Continuity: “Keeping kicker Rob Bironas would be nice, but you can only spend so much on a kicker, considering how we’ve seen some kids come out of nowhere and do big things. [Since this was posted, The Tennessean reported the Titans struck a two-year deal with Bironas.] Tight end Jared Cook was enough of a problem that the Titans didn’t tag him, so they must move on from the headache. Center Fernando Velasco should be fine if he’s between better guards; the Titans should tender the restricted free agent so that he’s sure to remain. It’d be nice to keep Darius Reynaud, but if Marc Mariani returns healthy, Tennessee doesn’t need both returners.”

They let Cook walk for a giant contract with the Rams, tendered Velesaco, and kept Reynaud.

Turnover: Defensive tackle Sen’Derrick Marks is probably not worth what he might draw on the market, so be ready to move on there. Will Witherspoon wasn’t a good enough backup for injury-prone Colin McCarthy at middle linebacker, and an upgrade is needed.

Marks wound up in Jacksonville, Witherspoon is unsigned and Moise Fokou was signed as they looked to upgrade linebacking depth.

What I got part right, part wrong:

Additions: “It’s time to be aggressive. Chase Buffalo’s durable guard, Andy Levitre, and lure him by telling him how much better he can get with the polish two Hall of Fame coaches can apply. The other big fish needs to be Michael Bennett, the Tampa Bay defensive end. He’s a big, ascending player who can play every down and would give the pass rush the boost it needs. Dustin Keller was hurt last year, but he played in every game in his first five seasons. He can be the reliable tight end working underneath for Jake Locker that Frank Wycheck was for Steve McNair. To replace Marks, roll the dice on Kansas City defensive tackle Glenn Dorsey, who should be affordable and might fare well in a second act with lower expectations.”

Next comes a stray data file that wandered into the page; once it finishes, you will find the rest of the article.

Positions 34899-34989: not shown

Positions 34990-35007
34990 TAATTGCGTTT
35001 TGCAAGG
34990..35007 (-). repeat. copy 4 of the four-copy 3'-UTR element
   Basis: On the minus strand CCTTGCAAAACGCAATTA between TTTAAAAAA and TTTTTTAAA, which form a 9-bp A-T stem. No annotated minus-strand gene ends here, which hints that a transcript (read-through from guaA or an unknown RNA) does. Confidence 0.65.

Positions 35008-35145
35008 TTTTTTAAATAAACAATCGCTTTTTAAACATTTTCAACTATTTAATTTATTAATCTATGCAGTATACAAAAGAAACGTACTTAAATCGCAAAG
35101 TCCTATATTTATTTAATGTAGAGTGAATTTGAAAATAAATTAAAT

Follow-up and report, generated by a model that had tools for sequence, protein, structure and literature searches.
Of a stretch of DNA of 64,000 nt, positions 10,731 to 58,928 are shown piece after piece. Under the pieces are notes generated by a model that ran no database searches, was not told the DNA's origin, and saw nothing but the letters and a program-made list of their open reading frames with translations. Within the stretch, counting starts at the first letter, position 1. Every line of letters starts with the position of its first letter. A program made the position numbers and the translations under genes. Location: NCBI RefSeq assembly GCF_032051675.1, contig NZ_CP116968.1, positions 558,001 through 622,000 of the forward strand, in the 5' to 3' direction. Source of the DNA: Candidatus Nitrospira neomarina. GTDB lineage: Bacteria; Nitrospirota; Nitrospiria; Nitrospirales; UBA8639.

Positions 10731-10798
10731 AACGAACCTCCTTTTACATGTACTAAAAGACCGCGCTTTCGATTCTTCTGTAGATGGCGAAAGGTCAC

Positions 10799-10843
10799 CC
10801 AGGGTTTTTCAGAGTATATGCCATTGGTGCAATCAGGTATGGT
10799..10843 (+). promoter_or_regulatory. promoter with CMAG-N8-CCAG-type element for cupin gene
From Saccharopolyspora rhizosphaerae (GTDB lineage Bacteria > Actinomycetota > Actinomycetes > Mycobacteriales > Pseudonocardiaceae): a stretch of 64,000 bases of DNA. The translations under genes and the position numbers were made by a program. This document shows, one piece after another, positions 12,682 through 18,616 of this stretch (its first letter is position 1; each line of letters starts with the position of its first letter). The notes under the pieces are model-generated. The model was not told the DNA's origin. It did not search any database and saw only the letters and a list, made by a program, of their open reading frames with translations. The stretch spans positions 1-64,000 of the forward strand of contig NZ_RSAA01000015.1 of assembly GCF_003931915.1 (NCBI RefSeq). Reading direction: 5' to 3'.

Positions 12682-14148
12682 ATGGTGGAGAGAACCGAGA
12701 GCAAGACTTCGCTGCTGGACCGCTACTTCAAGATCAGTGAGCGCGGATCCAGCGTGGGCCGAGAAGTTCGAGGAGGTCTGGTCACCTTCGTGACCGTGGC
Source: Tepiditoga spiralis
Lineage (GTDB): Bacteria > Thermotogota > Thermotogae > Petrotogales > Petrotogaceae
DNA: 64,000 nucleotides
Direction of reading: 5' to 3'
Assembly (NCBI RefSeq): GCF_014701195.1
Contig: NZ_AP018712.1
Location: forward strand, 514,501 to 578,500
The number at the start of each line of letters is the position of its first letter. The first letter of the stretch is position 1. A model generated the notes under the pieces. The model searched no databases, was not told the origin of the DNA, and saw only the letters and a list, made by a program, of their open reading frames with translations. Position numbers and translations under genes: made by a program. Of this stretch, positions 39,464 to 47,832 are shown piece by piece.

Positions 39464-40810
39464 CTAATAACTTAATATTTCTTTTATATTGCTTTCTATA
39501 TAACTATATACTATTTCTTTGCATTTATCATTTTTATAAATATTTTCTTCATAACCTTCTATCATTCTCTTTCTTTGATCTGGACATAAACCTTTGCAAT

Levitre was their primary target. But the Titans went different directions at the other spots -- Ropati Pitoitua at end, Delanie Walker at tight end and Sammie Hill at defensive tackle.

Draft: If Alabama guard Chance Warmack is on the board at No. 10, he would complete the interior line rebuild. I want a corner who can provide another option outside, a safety to groom behind George Wilson and one of the big running backs in the middle rounds who can complement Chris Johnson.